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The new Corporate Sustainability Reporting Directive (CSRD) has been signed off at EU level and is now in force. Member States will begin the process of transposing the CSRD into national law in the coming months. In the meantime, the Government has launched a consultation on the process, until 9th March 2023.

The Directive obliges certain qualifying undertakings (companies and co-operatives) to report annually on material sustainability matters relevant to the undertaking and its value chain. Those matters span environmental, social and governance concerns. The Directive widens the category of undertakings required to report and it adds depth to the level of detail required in that reporting. It brings sustainability reporting to the same level as financial reporting for the first time ever. 

For most co-operatives impacted by the Directive, the duty to report will not commence until 2026. That said, there are some important points and timeline events that will impact on a co-operative’s preparations to discharge its reporting obligations.

Companies and co-operatives coming within the scope of the Directive will be required to report annually in their management/directors’ report on environmental, social and governance (ESG) and human rights matters according to the EU mandatory standards to be known as the European Sustainability Reporting Standards.

The reporting standards will comprise, both, cross cutting standards and sector specific standards. The task of developing those standards is in the hands of the European Financial Reporting Advisory Group (EFRAG) and this is ongoing. It is hoped that the process will conclude in 2024 when the European Commission is scheduled to adopt the final version of the standards, following consultations with EU member states and other European bodies. Reported sustainability information will be subject to a limited assurance (independent audit) requirement in much the same way that financial statements are subjected to the audit of a statutory auditor.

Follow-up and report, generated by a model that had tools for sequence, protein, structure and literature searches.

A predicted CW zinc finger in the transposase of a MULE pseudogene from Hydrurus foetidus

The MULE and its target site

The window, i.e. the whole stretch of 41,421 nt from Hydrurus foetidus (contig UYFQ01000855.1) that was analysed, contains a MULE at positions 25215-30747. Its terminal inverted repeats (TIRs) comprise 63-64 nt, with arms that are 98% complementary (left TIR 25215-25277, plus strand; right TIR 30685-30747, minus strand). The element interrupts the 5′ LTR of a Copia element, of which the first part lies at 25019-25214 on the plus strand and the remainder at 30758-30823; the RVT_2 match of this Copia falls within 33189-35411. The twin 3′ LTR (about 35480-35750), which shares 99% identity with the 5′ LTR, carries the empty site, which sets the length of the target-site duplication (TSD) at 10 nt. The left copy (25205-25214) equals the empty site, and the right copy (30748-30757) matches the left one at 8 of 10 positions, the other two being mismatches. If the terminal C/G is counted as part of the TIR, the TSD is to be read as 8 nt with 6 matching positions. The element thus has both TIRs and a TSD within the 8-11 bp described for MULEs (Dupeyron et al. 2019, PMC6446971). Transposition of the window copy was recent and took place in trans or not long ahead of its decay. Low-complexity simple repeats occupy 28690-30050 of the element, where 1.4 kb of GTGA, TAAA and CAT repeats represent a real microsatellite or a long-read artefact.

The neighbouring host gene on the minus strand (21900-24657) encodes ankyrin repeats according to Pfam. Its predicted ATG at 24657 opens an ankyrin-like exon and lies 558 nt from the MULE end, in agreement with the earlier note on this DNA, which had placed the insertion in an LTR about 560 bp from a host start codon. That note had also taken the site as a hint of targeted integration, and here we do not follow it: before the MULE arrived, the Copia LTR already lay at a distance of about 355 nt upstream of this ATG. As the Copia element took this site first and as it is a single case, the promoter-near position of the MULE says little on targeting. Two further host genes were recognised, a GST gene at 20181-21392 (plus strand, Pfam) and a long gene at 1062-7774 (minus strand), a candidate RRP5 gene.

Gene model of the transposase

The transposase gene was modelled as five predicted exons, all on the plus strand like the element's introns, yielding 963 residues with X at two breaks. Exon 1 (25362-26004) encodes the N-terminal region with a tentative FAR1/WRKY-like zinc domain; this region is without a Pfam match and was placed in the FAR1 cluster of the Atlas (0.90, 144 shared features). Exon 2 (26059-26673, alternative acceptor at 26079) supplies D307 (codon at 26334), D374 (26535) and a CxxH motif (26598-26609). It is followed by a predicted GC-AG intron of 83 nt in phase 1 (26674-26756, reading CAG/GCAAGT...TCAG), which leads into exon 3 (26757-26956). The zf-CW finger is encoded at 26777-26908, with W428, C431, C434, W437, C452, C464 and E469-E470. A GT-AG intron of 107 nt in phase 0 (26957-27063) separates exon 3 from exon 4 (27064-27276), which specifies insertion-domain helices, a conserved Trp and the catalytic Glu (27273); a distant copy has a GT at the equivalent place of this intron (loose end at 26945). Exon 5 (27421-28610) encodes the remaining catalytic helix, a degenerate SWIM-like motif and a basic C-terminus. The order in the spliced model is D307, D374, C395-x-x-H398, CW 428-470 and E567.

The Directive provides a transition period for undertakings to commence reporting. Listed entities are amongst the first to report (in 2025 with respect to 2024). For co-operatives in the agri-food space meeting two out of three thresholds (turnover of €40m, balance sheet of €20m, employee headcount of 250), 2025 will be the first year in which sustainability information will be measured in full and so must be reported from 2026 onwards.

Ireland along with fellow Member States now have 18 months to transpose the Directive, that is, by 6th July 2024. While it should be noted that the Directive leaves limited scope for member states to customise implementation, the Irish Government has opened a public consultation on the subject.

ICOS strongly contends that by their design and operation, co-operatives possess strong sustainability credentials. Those credentials include the generation of local employment and support for small proximate production enterprises. Working through COGECA, the European umbrella organisation for agri-food co-operatives, ICOS has communicated those credentials and called for recognition of these co-operatives under the Directive. While those attempts have so far proved largely unsuccessful, ICOS believes that national implementation of the Directive should, where feasible, have due regard to these sustainability strengths.